Japan’s annual beauty and personal care market is about $50 billion in size, second only to the United States (which is about $70 billion), according to Euromonitor International. Although the cosmetics market in Japan is one of the most competitive in the world and is largely dominated by domestic manufacturers like Shiseido, Kanebo, Kose, Kao and Pola, these companies and consumers are still actively seeking innovative products from overseas. In fact, certain imported brands from France and the United States have traditionally enjoyed a strong position in the Japanese market. Recently, however, due to diversification of consumer needs, other overseas suppliers, including even small and mid-cap companies from Asia, have been able to carve out a position for themselves in the market.
With respect to imported brands, retail channels in Japan are generally split into two segments:
- High-end brands (expensive and luxurious): These are generally found at the beauty counters in popular department stores and retail cooperatives, sometimes accompanied by free product demonstrations from reputable make-up artists or professional cosmeticians. The department stores generally provide space to selected brands and the brands that choose to install a sales counter are responsible for paying rental expenses. The aesthetic of high-end brands generally tends toward simplicity, although some brands do work to stand out through the use of gold-colored or reflective packaging.
- Lower-end brands (less expensive and targeted at mass consumers): These are generally found at drugstores, supermarkets, cosmetic stores, and convenience stores. Some brands targeting younger mass consumers focus on establishing a cute and Japanese “pop” aesthetic, which is reflected in their packaging. Many brands strive to be perceived as helping their consumers to achieve a “kawaii” (“cute”) look. Maintaining this image is the key to success for many mass consumer brands.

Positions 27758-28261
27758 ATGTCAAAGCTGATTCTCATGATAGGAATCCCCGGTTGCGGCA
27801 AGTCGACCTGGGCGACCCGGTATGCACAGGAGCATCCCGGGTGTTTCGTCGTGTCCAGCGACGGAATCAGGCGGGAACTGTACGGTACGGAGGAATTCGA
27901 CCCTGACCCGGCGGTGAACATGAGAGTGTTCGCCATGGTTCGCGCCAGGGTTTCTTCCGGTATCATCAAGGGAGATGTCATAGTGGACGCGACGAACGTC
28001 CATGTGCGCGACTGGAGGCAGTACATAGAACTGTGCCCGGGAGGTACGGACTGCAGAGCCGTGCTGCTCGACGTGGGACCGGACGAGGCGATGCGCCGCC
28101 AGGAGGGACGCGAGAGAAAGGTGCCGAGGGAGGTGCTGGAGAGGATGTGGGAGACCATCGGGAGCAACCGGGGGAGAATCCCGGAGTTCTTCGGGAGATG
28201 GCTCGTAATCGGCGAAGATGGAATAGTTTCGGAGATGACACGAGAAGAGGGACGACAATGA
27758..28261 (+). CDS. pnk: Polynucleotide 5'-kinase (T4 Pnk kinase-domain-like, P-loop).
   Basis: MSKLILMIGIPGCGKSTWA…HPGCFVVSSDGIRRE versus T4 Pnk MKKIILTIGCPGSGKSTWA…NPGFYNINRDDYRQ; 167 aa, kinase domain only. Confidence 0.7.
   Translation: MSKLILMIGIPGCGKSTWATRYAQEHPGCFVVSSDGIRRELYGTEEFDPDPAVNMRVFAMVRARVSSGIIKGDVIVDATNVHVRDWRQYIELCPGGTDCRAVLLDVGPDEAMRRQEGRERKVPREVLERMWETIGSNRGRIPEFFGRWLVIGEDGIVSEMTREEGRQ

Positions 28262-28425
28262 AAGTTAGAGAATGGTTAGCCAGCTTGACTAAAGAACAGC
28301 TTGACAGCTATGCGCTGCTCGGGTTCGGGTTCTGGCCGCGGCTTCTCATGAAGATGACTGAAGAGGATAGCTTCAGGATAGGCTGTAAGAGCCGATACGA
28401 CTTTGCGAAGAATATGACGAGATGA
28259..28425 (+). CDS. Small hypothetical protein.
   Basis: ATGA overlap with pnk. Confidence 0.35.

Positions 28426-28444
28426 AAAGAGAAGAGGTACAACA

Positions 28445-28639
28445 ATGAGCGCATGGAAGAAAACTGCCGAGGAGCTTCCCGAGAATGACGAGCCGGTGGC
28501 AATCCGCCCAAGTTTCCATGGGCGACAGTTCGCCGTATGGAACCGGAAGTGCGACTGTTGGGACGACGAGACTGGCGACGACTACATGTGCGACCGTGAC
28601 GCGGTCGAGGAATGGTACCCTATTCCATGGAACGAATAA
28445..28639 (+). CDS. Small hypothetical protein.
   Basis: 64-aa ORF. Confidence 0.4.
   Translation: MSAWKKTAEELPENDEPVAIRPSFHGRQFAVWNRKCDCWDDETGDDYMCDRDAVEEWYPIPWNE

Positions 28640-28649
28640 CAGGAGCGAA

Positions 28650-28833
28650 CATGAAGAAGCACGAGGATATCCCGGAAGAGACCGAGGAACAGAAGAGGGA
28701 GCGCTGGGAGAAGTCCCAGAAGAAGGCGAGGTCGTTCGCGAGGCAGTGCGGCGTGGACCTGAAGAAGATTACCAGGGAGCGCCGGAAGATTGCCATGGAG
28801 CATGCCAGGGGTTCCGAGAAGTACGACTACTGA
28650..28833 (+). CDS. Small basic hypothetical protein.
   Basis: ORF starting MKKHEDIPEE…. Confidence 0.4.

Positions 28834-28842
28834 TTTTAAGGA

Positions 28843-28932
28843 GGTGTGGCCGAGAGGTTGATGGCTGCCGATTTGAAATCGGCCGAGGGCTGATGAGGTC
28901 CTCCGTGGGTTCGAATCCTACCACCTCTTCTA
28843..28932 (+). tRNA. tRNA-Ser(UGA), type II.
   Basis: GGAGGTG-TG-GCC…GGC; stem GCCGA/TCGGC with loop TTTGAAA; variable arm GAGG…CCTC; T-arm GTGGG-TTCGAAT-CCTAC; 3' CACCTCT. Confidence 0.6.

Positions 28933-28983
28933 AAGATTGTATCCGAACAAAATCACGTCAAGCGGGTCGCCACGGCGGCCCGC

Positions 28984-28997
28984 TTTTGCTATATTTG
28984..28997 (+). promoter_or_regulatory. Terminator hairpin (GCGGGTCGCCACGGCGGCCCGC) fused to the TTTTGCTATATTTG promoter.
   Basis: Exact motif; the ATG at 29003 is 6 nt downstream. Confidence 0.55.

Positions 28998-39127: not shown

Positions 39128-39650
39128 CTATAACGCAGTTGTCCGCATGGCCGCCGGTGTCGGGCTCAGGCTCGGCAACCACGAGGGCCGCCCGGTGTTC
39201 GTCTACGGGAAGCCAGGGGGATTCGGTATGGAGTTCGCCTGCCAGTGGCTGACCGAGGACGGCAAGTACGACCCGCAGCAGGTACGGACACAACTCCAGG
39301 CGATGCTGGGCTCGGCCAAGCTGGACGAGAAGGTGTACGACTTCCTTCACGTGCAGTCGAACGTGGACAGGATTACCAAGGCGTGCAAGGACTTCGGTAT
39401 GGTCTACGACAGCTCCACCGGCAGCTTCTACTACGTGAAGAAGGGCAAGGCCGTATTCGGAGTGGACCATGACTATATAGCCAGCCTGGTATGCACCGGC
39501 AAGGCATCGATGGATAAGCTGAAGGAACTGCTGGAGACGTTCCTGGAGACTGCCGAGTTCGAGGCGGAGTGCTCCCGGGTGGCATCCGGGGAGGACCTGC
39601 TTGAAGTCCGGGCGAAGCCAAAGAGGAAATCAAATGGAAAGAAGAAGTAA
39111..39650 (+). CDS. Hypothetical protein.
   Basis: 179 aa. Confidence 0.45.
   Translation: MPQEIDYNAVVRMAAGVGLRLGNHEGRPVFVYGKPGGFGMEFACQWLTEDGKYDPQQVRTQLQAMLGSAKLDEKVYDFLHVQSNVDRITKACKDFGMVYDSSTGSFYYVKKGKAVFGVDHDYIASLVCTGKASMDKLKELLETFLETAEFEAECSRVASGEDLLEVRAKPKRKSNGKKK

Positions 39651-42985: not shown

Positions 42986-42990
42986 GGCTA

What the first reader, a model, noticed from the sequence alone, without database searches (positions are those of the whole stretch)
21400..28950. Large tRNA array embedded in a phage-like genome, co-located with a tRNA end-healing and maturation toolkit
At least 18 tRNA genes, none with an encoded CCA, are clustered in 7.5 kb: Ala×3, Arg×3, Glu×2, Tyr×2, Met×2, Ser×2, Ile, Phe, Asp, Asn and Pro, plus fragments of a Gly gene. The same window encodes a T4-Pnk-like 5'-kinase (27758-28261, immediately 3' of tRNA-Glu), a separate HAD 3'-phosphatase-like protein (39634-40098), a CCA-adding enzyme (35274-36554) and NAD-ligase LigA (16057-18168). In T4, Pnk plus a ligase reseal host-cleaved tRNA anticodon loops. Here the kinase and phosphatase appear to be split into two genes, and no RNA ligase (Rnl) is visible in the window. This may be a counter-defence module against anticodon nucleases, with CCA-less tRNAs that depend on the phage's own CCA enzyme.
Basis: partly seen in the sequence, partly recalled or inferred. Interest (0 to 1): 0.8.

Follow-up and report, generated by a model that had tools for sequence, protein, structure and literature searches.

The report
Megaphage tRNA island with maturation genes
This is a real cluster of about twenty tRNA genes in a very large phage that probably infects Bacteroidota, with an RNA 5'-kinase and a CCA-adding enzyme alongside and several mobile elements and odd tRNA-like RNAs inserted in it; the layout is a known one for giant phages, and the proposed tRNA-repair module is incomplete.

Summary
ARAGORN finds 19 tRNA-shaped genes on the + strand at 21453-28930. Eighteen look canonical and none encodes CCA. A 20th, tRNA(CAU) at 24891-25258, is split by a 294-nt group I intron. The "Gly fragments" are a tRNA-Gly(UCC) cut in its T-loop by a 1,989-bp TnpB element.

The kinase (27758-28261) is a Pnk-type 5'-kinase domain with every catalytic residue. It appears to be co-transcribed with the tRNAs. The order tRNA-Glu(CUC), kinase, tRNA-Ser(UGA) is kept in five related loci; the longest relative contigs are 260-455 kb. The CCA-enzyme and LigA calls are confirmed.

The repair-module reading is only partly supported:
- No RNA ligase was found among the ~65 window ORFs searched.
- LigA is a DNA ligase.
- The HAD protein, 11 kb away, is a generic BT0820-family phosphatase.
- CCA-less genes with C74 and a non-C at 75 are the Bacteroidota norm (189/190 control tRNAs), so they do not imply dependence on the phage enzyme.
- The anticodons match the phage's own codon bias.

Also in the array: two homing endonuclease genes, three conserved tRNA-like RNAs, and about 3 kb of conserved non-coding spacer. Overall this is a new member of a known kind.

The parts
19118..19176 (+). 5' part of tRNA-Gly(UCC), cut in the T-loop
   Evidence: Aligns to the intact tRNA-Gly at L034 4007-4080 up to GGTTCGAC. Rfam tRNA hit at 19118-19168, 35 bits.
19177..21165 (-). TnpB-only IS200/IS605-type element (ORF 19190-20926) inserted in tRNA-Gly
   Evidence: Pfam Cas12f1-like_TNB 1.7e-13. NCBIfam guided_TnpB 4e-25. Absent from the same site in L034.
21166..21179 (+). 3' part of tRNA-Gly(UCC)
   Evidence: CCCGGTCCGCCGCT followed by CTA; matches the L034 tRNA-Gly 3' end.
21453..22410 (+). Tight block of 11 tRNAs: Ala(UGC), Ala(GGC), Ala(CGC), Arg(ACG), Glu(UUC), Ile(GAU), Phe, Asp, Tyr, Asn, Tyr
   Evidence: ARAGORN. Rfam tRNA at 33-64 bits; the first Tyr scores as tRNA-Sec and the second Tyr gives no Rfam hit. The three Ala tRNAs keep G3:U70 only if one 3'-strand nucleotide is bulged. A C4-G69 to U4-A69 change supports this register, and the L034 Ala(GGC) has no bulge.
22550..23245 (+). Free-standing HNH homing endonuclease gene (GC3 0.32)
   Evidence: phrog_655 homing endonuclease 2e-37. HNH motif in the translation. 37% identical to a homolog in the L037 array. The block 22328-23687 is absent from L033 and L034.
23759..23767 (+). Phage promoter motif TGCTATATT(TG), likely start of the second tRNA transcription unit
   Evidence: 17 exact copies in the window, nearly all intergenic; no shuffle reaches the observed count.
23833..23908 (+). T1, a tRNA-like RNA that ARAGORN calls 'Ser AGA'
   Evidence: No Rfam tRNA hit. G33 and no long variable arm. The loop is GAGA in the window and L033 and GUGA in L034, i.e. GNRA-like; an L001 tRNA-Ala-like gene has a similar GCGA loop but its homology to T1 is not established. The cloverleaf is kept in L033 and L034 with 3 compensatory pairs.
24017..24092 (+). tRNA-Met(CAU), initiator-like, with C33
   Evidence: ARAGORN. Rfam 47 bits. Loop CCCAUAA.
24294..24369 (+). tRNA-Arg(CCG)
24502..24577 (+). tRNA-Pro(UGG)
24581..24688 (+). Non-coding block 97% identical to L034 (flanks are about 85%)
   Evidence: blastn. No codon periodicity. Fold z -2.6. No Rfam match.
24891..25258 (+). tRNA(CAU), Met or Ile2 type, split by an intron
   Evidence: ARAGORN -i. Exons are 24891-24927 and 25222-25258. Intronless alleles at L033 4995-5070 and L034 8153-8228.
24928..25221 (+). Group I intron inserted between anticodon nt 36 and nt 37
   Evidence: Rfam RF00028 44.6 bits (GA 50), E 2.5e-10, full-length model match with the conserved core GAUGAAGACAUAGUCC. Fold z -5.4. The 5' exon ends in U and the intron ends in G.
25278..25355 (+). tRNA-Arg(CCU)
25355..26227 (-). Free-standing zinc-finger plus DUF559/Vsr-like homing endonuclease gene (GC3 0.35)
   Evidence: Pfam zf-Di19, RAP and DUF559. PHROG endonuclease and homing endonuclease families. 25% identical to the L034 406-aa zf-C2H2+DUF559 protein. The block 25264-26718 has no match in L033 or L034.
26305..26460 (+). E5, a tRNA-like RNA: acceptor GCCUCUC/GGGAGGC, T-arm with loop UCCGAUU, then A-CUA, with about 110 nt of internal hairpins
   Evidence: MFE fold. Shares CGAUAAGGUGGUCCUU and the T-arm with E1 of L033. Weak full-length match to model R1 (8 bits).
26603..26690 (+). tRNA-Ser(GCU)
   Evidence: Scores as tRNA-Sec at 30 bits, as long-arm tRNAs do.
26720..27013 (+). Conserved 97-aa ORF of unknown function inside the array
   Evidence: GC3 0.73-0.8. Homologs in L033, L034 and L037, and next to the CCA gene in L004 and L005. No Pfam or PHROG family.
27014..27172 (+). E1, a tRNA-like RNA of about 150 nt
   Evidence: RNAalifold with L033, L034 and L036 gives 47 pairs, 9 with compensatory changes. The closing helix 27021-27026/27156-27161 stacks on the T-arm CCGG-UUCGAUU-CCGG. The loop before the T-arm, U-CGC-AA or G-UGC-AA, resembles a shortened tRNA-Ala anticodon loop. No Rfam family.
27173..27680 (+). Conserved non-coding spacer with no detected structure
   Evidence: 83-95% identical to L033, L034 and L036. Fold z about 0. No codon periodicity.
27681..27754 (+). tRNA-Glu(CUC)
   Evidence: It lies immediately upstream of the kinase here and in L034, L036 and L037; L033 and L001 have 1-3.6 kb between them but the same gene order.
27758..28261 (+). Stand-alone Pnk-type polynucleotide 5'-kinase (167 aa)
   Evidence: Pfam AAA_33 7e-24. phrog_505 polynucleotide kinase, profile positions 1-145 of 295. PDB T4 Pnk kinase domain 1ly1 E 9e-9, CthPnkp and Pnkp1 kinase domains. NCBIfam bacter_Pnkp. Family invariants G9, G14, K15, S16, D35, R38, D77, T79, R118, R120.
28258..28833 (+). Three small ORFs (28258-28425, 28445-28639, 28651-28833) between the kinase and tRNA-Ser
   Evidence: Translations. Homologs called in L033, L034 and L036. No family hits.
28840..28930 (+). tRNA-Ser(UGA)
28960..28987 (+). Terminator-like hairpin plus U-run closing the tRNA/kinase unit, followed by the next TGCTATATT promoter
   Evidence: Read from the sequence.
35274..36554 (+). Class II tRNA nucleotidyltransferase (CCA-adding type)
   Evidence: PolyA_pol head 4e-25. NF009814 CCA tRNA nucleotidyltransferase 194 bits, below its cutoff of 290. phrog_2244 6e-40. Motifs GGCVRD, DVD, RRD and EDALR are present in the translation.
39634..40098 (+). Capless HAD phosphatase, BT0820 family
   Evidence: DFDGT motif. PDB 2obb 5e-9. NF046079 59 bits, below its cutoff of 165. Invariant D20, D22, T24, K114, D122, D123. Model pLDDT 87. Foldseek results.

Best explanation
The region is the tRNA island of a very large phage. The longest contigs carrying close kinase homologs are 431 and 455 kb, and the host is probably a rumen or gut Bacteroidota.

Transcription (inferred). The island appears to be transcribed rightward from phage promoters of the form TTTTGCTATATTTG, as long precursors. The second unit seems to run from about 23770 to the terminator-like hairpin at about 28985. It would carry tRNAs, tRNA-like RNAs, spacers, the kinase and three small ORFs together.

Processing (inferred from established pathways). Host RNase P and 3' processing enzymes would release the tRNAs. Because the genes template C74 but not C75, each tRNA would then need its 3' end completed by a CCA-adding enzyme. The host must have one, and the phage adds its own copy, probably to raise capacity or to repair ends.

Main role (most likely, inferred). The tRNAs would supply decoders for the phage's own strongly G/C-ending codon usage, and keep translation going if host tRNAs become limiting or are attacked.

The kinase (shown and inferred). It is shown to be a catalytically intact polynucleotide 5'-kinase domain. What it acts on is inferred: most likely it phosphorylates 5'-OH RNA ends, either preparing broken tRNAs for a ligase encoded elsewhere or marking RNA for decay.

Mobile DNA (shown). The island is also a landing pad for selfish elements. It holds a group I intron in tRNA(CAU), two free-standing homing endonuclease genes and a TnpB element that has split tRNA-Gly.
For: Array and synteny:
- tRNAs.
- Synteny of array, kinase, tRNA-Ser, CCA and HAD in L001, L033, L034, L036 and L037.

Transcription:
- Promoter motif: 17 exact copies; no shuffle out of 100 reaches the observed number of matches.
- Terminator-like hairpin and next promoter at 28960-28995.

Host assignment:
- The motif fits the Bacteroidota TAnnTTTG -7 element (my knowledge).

In the Japanese cosmetics market, even inexpensive, domestic brands are held to high standards of quality, which occasionally causes price wars and generally means that foreign brands face fierce competition in terms of product cost performance.
In the Japanese cosmetics market, even inexpensive, domestic brands are held to high standards of quality, which occasionally causes price wars and generally means that foreign brands face fierce competition in terms of product cost performance. This feature of the Japanese cosmetics market is one of the reasons that overseas cosmetics brands tend to focus on the high-end market where they can leverage their research, knowledge, unique packaging, and ingredients as competitive advantages. Furthermore, certain foreign brands have been able to achieve an image of luxury, exclusivity, and exoticism beyond what they enjoy in the U.S. or European markets, allowing them to realize higher profit margins on products sold in Japan.
Of course, in a market this competitive, simply being a respected foreign brand is not enough. Japanese consumers are extremely discerning; as in any other luxury market, your brand needs to establish an story and image attuned specifically to the Japanese market, built and refined as part of an ongoing process to solidify your presence in target market segments. Celebrity promotion is always an option, but selecting the right celebrity who conveys the right image to Japanese consumers is extremely important.
You’ll likely have to customize your products to adjust for consumer tastes and expectations, such as using higher-quality packaging in Japan compared to what you use in the United States or Europe.
Additionally, consumer preferences in the Japanese market are different from those in other developed nations. You’ll likely have to customize your products to adjust for consumer tastes and expectations, such as using higher-quality packaging in Japan compared to what you use in the United States or Europe. Japanese consumers are used to using different product ingredients on their skin, so achieving the right balance of ingredients will be important to your success. On top of it all, you’ll be working with Japanese distributors and advertisers, and perhaps manufacturers, all of whom will be used to an entirely different business culture and may not speak English well.
The reward for successfully establishing your brand in such an enormous market can be huge, and the fact that your brand is foreign will work as a strength rather than a weakness if your market entry is managed properly. Given the difficulties involved, however, it’s crucial that you work with a professional liaison on the ground in Tokyo to help you establish the right business relationships, manage market research and advertising, and manage your corporate affairs.
If you would like to exhibit and to meet new buyers or distributors directly, joining the Cosmetic Tokyo Fair is a good option. The fair has a “special exhibit plan for overseas exhibitors who do not have importers in Japan.”